American League
1. Eric Hinske - .339
2. Carlos Quentin - .339
3. Manny Ramirez - .332
4. Carlos Guillen - .330
5. Casey Kotchman - .329
6. Josh Hamilton - .320
7. Adrian Beltre - .317
8. Milton Bradley - .315
9. Hideki Matsui - .314
10. Magglio Ordonez - .314

National League
1. Albert Pujols - .392
2. Chipper Jones - .378
3. Chase Utley - .369
4. Pat Burrell - .366
5. Rafael Furcal - .349
6. Derrek Lee - .347
7. Josh Willingham - .345
8. Connor Jackson - .342
9. Ryan Ludwick - .340
10. Lance Berkman - .339

Coming into today's action, here are the leaders (50 plate appearance minimum):

American League
1. Josh Hamilton - .334
2. Milton Bradley - .334
3. Alexi Casilla - .323
4. Howie Kendrick - .320
5. Carlos Quentin - .319
6. Ramon Vazquez - .317
7. Alex Rodriguez - .314
8. Jack Cust - .314
9. B.J. Upton - .312
10. Hideki Matsui - .310

National League
1. Lance Berkman - .391
2. Albert Pujols - .383
3. Chipper Jones - .382
4. Rafael Furcal - .349
5. Chase Utley - .347
6. Ryan Ludwick - .347
7. Josh Willingham - .344
8. Pat Burrell - .336
9. Nate McLouth - .333
10. Jason Bay - .332

Once again, the numbers in the National League are far and away better than the American League figures. Josh Hamilton's AL leading EqA of .334 would barely crack the top 10 in the NL. Second place holder Alexi Casilla's .323 would be good enough for just 14th overall in the NL. 7 of the top 10 AL players weren't in the top 10 last month. This was expected though, as we saw names last time that just didn't belong. With more plate appearances under their belt, the AL list of leaders is starting to contain the names that we'd expect. Of note among the AL leaders is Alexi Casilla. Casilla is hitting .326 with 2 HRs and 15 RBIs since being recalled in mid-May. Surprisingly, the speedster has only 2 SBs, a number he should imporove on over the remainder of the year. He's certainly someone worth keeping an eye on if he's available in your league - especially if you're looking to bolster SBs and average. Ride him while he's hot.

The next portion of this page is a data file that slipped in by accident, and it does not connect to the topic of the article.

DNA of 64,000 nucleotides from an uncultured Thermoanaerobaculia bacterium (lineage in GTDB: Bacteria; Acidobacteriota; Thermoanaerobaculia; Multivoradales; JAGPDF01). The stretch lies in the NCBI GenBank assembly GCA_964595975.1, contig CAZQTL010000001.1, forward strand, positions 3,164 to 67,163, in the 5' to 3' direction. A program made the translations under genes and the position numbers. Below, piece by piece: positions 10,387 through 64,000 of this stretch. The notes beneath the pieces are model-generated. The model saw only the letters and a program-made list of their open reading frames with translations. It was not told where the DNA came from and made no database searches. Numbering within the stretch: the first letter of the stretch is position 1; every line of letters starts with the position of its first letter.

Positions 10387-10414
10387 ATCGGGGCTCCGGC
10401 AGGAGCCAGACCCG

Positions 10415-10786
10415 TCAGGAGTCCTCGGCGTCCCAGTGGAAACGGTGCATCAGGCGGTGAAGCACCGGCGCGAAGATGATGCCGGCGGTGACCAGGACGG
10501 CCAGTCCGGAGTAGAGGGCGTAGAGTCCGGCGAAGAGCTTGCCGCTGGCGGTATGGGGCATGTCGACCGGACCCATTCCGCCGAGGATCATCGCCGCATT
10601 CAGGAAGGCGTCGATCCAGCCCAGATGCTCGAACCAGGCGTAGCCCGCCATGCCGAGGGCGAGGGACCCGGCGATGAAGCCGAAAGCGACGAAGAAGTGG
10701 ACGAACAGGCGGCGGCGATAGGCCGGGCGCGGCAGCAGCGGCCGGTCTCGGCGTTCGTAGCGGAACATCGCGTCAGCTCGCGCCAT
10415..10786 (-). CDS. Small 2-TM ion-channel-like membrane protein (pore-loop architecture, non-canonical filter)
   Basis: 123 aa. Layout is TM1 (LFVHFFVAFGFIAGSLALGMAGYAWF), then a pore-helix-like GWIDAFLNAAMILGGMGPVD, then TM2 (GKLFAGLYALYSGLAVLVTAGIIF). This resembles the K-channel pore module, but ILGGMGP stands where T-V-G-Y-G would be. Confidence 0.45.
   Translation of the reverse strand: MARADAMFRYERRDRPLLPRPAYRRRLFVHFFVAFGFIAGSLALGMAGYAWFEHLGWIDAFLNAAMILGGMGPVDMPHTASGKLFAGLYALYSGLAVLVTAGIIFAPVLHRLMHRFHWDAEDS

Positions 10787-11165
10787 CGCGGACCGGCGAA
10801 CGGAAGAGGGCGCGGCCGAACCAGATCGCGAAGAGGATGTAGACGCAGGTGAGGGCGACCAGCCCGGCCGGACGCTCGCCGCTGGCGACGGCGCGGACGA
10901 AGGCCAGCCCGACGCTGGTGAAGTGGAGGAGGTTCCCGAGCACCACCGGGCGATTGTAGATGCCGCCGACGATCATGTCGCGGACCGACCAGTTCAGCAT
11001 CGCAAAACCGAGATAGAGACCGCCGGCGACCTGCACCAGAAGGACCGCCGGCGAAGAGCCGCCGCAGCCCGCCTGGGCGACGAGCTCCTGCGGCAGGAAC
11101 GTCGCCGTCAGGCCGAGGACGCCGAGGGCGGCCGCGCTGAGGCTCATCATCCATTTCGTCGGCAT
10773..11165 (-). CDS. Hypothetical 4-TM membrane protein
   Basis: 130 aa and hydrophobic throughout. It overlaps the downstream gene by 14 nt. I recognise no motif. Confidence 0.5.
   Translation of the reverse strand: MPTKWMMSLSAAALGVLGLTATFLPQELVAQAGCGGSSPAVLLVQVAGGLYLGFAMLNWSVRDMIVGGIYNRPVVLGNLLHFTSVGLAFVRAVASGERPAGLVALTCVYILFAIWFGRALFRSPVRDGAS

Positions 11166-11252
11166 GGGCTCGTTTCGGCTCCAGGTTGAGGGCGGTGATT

The NL leaders contain no surprises...almost. Ryan Ludwick has certainly caught the eye of fantasy players. He's hitting .323 with 13 HRs and 43 RBIs. Coming into the year, Ludwick was expected to be a platoon player against lefties in a crowded St. Louis outfield, at best, but he capitalized on Chris Duncan's slow start and took over the job completely. He's been hot all year, but was still available in most leagues through the middle of May. Also nice to see Jason Bay back up among the leaders in any category after a miserable 2007 season.

Tuesday, June 3, 2008

Transient Power Revisited

Back in April we took a look at a few players who had inordinately high HR/F ratios. We stated that the power surge for each of these bats was going to slow down over the next month. Let's take a look to see how they have fared since April 25th.

Hanley Ramirez: HR/F ratio dropped by 14.0%. Has hit only 2 HRs in past 32 games (compared to 7 in his first 23 games).

Casey Kotchman: HR/F ratio dropped by 15.8%. Has not gone yard since (stuck at 6 HRs)